I’m currently listening to an audiobook called ‘The Mindbody Prescription’ by John Sarno about how the human being manages seemingly unmanageable feelings that arise predominantly in infancy and childhood. What this book is saying is that there is a point at which the bodymind system makes a switch – it decides (unconsciously) that a feeling is too much, and immediately the brain kicks in and creates a discomfort or pain in the physical body as a way of distracting the system away from the emotional process. There’s all sorts of research that has been done by the doctor who wrote this book, and it really resonated for me and got me thinking.
Imagine that we are the wide open blank canvas that fully allows the emotions to be painted onto the canvas – the whole realm of emotions – no resistance whatsoever. As they are painted onto the canvas they are simultaneously dissolved into the canvas, since only a resistance by the canvas would have the paint stick. What if we never ever even dreamt of repressing another emotion, another feeling – to the point that we would never even have to categorise the feelings into these rather superficial boxes of fear, anger, sadness and joy. As if emotions can really be boxed and labelled! It’s a very useful tool to be able to label, but we have to understand that in reality they are not really separate from each other. There is not one emotion called joy and another emotion called sadness.
Perhaps we have boxed them up in order to somehow try to manage them in our life, because we are conditioned by our culture to accept certain emotions above others. This even differs from culture to culture. In some cultures it is natural to walk down the street in floods of tears. That wouldn’t be a struggle for the person or anybody else – but in our culture this would be very rare. In our culture it’s even rare to be extremely joyful. That would likely trigger people almost as much as anger or sadness. Certainly it’s not common to hear the functional expression of fear, or hear the expression of clear blameless anger.
We are this blank canvas – but we have been conditioned and have become somewhat lost in this conditioning. On the whole we don’t recognise our nature as this blank canvas; and the paint sticks. We need to do something to address this because this subtle or unsubtle controlling of the emotions creates suffering. One of the fundamental things that we can do is understand one essential fact about this process: the emotions being felt are not ours, nor anybody else’s. The fear being felt is not our fear. The anger being felt is not our anger. The sadness being felt is not our sadness and the joy being felt is not our joy. And since they are not ours we don’t need to cling onto them and we don’t need to repress them.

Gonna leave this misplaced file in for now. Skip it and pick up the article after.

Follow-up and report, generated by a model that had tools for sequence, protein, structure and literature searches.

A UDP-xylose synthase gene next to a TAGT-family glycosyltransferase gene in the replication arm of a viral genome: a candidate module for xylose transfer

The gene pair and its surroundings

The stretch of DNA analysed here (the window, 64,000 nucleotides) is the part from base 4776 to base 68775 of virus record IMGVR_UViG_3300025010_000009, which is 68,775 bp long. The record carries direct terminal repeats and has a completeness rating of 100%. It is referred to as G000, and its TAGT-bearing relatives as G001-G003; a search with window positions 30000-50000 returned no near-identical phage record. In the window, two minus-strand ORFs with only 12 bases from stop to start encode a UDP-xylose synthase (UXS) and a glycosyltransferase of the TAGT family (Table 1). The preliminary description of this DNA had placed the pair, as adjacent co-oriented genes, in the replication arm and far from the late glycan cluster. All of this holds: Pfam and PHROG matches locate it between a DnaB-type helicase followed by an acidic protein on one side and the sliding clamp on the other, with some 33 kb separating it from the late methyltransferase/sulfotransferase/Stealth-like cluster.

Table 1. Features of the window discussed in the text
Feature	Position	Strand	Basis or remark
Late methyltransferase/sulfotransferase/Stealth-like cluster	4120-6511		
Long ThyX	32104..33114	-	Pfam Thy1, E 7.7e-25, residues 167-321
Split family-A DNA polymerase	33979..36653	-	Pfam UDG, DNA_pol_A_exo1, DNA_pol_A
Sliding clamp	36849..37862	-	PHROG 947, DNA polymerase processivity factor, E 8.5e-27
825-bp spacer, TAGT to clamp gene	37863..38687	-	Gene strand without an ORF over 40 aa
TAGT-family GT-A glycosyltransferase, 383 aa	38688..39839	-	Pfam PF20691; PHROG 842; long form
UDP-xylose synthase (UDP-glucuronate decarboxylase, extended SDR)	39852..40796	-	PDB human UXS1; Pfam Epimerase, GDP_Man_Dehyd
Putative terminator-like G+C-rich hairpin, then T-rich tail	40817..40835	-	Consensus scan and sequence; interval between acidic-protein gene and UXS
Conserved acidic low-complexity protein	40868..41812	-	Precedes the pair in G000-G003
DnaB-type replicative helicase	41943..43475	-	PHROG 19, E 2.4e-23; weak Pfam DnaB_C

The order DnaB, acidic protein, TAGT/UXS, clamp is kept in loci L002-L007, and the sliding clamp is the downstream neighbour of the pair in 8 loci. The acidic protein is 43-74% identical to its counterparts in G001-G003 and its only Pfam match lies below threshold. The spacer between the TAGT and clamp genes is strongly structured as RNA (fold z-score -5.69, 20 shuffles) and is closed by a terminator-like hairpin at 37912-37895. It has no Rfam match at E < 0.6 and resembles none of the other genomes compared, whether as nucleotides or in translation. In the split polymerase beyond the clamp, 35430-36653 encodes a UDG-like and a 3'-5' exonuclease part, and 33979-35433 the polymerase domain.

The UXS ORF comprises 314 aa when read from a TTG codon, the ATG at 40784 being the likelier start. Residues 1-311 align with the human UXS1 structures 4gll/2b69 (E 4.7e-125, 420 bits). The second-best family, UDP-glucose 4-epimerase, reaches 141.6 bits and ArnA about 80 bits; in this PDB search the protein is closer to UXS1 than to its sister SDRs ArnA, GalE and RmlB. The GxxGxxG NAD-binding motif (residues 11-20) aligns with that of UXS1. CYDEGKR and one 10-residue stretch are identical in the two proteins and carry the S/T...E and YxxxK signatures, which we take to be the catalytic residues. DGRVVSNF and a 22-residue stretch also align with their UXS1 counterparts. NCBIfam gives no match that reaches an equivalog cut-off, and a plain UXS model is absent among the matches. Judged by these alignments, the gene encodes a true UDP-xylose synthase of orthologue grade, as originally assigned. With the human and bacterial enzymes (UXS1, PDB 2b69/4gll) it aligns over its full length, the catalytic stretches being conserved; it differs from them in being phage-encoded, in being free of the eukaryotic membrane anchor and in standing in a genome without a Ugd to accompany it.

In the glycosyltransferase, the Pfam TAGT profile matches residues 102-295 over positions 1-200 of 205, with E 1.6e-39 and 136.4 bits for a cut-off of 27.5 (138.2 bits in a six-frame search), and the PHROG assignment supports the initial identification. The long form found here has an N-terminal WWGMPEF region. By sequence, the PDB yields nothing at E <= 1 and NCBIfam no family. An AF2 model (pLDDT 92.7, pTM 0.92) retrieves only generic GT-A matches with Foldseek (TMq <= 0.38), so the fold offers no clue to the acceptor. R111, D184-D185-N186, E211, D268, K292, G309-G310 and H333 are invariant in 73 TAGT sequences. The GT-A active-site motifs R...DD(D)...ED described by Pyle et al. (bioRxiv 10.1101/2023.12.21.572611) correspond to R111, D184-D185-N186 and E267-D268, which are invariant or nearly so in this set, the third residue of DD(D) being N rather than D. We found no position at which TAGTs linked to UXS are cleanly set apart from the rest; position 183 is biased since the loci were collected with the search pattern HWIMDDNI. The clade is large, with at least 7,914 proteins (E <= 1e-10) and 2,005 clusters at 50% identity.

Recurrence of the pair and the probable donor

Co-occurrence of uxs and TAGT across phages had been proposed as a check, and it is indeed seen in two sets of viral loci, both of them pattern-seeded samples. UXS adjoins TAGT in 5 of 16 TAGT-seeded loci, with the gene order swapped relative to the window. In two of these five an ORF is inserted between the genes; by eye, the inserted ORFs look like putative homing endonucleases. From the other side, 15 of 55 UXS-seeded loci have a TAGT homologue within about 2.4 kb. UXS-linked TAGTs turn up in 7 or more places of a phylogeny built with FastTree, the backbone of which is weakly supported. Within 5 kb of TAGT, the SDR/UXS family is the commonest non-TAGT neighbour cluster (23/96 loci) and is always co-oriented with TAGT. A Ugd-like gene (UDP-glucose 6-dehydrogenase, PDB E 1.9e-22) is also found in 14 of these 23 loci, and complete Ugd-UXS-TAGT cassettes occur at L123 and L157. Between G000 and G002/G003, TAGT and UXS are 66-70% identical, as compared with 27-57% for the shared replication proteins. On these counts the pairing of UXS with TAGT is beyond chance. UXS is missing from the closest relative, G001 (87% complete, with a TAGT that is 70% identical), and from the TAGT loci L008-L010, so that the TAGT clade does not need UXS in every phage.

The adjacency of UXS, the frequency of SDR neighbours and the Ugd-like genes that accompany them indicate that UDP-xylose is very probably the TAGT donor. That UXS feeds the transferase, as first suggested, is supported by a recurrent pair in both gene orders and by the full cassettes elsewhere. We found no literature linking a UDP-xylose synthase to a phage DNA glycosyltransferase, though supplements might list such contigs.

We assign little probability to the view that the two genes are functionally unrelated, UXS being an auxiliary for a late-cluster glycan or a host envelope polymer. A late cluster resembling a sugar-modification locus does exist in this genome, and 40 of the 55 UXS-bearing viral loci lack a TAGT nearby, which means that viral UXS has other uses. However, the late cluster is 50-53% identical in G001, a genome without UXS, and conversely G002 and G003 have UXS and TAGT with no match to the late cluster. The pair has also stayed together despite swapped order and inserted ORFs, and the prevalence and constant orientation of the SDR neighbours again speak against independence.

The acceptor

However we are conditioned into thinking that they are ours: ‘this is my anger; this is your fear’ etc. We are scared that if we don’t control them and claim them, we will somehow be overwhelmed by them. It was sensible for us at some point in our life to claim them by identifying what appears to be ours and what appears to be someone else’s. It was a way that we managed feelings that were potentially or actually overwhelming. However we are now adults and have the capacity to see that we no longer need to live from a place of rejecting or manipulating certain feelings. Ownership of an emotion only needs to take place if we have an investment in controlling that emotion. When we come to see that controlling the emotion impacts the free flow of energy, we can begin to relinquish that control.
In order for us to relinquish the subtle and unsubtle manipulation of our feelings (so as to catalyse healing), we need to feel safe, and understand that the work is about integrity rather than intensity. It is about gentle surrender rather than push. So we connect to the ground, the earth, the one that provides for our very survival and holds us with pure compassion throughout our lives. We feel the physical connection to the ground and welcome it. We notice our breath. We develop an intimate relationship with our breath as an oasis. Our breath connects us to a sense of peace. It regulates our nervous system. Relaxed deep breathing brings us home amidst any amount of turmoil.
There is no need for catharsis. Catharsis may occur and but there is absolutely no necessity for it. In fact catharsis can be just another way that we avoid the feeling being felt. We can hide behind the apparent release of it without seeing that we are just cycling through the same process of subtle avoidance. What is important is to establish our connection with the earth, our breath, and the understanding that the feelings are not ours, before we consciously welcome in the realm of the emotions, so that we don’t get lost. Our embodiment of the emotion is key. Without embodiment, or the movement of the emotion through the awareness of the body and breath, we cannot expect much healing to occur.
And with embodiment comes movement. The feelings wish to be free and uninhibited and through moving the body with conscious intention we are automatically welcoming this movement towards freedom; freedom not just for the emotional realm but for the entire being.